attracted a lot of attention of the scientific community. reaction of the sensors to both vaginal fluids but also to
Intrigued by these multifunctional, easily processed and the water. The sensitivity of this type of sensors to the
low cost materials, it has started to develop odor water is definitely an important parameter to take into
biosensors (electronic nose e-nose - concept) for account. By other side, it was shown that sometimes is
different applications, including medical field and the difficult to distinguish the vaginal fluids from each other
detection of various diseases. The present work, is with different sensors of the same type, mainly because
focused in the scaling-up of a devoted laboratory the differences between different sensors response and
approach, in particular concerning the development of the results fluctuation linked to the sensors sensitivity to
organic odor biosensors based on a conductive polymer these analytes. However, with only one sensor it was
(PEDOT:PSS) in a pre-industrial approach. A detailed proven that not only its possible to distinguish water
characterization of sensor heads with different geometry from the vaginal analytes, that its clear that the sensors
is reported on a specific case of gynecological diseases react differently to the analytes with a clear pattern. It is
caused by Lactobacillus infection. also possible to notice that the resistance and capacitance
increase healthier vaginal fluid which has 20 % less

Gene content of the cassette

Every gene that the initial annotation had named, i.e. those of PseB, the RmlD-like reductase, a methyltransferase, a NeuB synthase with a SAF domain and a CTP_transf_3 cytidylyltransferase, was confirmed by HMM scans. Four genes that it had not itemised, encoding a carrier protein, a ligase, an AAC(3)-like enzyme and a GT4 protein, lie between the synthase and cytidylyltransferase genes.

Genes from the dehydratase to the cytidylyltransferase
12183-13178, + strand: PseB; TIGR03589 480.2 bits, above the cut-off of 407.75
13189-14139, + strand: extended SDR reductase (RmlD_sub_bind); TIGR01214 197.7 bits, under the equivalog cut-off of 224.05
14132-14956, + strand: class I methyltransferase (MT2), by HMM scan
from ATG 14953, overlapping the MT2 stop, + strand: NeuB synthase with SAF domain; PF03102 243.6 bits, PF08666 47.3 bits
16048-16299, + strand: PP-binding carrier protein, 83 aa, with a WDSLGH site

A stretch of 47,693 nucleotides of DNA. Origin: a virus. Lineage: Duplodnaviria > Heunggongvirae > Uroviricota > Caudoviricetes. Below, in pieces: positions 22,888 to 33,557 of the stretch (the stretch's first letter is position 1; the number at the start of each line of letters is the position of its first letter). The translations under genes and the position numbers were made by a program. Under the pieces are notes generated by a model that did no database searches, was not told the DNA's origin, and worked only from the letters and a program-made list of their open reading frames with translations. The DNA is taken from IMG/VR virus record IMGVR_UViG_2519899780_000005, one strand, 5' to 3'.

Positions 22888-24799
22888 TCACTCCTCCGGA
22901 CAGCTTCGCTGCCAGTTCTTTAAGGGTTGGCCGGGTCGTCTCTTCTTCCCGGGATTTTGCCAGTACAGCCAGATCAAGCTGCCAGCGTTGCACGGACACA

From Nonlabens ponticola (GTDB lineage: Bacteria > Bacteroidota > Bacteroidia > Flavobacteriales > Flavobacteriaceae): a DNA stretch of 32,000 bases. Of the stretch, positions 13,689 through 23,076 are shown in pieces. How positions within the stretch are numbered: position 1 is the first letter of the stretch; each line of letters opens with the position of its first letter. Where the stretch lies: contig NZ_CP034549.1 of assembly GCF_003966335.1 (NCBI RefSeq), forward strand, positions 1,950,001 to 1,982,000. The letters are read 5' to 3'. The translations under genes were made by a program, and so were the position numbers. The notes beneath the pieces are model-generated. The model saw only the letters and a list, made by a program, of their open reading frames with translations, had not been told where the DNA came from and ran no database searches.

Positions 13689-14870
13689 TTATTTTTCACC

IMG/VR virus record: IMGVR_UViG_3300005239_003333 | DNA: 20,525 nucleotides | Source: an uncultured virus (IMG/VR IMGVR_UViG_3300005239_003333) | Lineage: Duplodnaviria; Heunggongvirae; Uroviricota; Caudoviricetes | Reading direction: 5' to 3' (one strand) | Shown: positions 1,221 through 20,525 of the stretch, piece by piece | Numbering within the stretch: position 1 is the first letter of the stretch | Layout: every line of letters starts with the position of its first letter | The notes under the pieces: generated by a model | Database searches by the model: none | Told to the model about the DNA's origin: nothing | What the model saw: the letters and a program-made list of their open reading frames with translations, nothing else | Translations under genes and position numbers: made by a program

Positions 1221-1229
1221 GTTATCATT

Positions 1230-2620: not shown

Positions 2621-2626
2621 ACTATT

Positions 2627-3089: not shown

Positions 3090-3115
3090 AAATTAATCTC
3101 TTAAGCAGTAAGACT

EXPERIMENTAL/THEORETICAL STUDY
concentration of lactobacillus than the infected fluid. The
The e-nose system consists in two chamber, one for the
variation of sensor parameters such as width, length and
analyte and another for the sensor head, which is forced to
number of fingers, seems not to have considerable
contact the analyte odor by means of a simple aspiration
influence in the sensors behavior. However, its clear that
process. The sensor heads were fabricated in flexible
the variation of geometrical parameters such as the gap
substrates with carbon microelectrodes with different
width and the fingers width influences considerably the
geometrical parameters and produced by means of
resistive and the capacitive response. These variations are
printing techniques, such as screen printing and slot die
very important, since for different applications may be
Roll-to-Roll, that was applied to coating the PEDOT:PSS
more useful to use the capacitive or the resistive mode
film over the microelectrodes. The sensor responses were
and in that case its possible to choose the best parameters
analyzed in resistive and capacitive modes with
for the sensors.
environment parameters control.
RESULTS AND DISCUSSION CONCLUSION
The sensors were morphologically characterized by Simple, low-cost, disposable and sensitive sensors based
optical microscopy, atomic force microscopy, on organic semiconducting polymers was developed in
perfilometry and electrically identified by the two points high-output pre-industrial systems and successful applied